Sunday, September 14, 2008

Chicken with Plums by Marjane Satrapi

There have been countless times where I've read a book and commented that the ending ruined the book for me. I seldom finish a book and say that the ending made the book, but that was the case with Marjane Satrapi's graphic novel, Chicken with Plums.

This book is about her uncle, Nasser Ali Khan, a well known tar (a Persian instrument similar to a guitar) player whose tar is broken by his constantly nagging and belittling wife. He sets out in search of a new tar, but finds that he can no longer play. Without his music he decides to just lie down and wait to die, which takes eight days to happen. We then follow him through the last eight days of his life and in doing so we learn about the life he had before his final moments.

The book was a bit slow moving and as I was reading it I kept asking myself what was really going on. I didn't understand why he was giving up on life instead of going out to look for another tar. And I kept asking myself why this was worthy of a book, but when I got to the end I finally understood. I actually had one of those "Aha" moments when I got to the last few pages of the book and I was glad I had stuck it through. This is a sad little story, but it's fairly quick to read and gives more insight into Persian culture. If you're looking for more by Marjane Satrapi, I'd recommend it.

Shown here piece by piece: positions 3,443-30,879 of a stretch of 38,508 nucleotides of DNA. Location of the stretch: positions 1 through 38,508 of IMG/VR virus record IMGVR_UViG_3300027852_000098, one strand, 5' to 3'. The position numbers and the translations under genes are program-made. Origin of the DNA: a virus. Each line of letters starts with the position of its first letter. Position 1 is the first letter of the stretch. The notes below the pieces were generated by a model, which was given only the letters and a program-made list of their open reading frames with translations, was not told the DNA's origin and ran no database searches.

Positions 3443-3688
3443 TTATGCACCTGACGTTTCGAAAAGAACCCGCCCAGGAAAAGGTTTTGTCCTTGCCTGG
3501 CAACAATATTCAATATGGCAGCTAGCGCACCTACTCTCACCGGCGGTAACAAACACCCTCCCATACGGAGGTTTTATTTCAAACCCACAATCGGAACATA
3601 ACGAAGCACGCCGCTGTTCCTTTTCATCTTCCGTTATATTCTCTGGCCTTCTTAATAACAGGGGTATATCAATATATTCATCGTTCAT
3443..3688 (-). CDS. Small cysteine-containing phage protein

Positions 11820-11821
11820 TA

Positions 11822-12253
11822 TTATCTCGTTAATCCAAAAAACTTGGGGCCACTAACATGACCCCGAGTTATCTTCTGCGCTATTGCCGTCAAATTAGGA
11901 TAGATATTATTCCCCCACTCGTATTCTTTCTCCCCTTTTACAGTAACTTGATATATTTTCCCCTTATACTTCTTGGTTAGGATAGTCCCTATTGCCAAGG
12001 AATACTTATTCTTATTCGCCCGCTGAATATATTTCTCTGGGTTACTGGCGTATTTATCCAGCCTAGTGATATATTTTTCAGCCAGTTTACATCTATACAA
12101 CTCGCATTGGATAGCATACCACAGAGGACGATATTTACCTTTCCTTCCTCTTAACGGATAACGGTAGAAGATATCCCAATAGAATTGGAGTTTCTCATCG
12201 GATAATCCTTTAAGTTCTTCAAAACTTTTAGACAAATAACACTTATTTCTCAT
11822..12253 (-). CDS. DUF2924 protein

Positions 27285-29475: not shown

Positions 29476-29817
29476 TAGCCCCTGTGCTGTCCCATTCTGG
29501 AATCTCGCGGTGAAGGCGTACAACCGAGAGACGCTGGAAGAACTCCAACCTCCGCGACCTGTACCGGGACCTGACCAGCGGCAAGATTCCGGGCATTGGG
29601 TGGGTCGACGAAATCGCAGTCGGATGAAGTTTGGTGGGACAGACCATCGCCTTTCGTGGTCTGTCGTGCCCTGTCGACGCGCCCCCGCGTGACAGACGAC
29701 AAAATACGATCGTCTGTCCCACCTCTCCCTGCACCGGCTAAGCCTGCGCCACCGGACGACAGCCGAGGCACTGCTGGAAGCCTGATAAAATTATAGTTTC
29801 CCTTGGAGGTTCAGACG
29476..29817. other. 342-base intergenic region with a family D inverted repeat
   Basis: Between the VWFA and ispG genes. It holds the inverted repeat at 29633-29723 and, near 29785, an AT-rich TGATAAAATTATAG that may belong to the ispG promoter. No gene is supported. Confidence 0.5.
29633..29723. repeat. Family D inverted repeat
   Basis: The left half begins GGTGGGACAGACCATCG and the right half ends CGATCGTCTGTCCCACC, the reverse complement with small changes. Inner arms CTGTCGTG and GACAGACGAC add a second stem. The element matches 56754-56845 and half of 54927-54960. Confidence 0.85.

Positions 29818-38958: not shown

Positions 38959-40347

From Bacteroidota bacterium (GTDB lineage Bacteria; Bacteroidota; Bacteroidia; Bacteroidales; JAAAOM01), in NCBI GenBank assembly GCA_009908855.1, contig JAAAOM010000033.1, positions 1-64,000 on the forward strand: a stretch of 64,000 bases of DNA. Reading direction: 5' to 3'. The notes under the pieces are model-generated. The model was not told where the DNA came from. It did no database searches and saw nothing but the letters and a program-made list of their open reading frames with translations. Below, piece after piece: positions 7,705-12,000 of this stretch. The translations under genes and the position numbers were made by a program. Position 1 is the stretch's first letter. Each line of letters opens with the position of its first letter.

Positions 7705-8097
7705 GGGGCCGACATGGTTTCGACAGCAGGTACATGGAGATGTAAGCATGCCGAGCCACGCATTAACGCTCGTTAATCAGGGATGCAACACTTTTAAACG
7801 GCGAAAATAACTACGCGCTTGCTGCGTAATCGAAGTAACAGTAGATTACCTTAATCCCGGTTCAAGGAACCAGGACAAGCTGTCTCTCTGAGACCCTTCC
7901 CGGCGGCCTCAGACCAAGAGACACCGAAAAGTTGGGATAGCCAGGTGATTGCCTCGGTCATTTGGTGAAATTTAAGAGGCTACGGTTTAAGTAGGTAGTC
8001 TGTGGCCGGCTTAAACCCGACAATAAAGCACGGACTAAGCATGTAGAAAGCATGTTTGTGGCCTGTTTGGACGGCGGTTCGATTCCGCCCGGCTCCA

5 comments:

katrina said...

I was trying to decide between this and Embroideries, looks like you just made that decision easier. Happy reading x

Nymeth said...

I'll have to pick this one up! I loved Persepolis and I really want to read more of her work.

m-dahl said...

I just finished Persepolis today -- actually, I was SO determined to finish it this morning that I was a wee bit late for work! -- and LOVED IT. Have you read Persepolis 2? Just requested that from the liberry ... But perhaps I'll read this one, too!

Becca said...

M-Doll: I haven't read the second Persepolis yet, but I'm planning to!

Sandra said...

I'd like to read this now that I've read your comments. Thanks for reviewing it.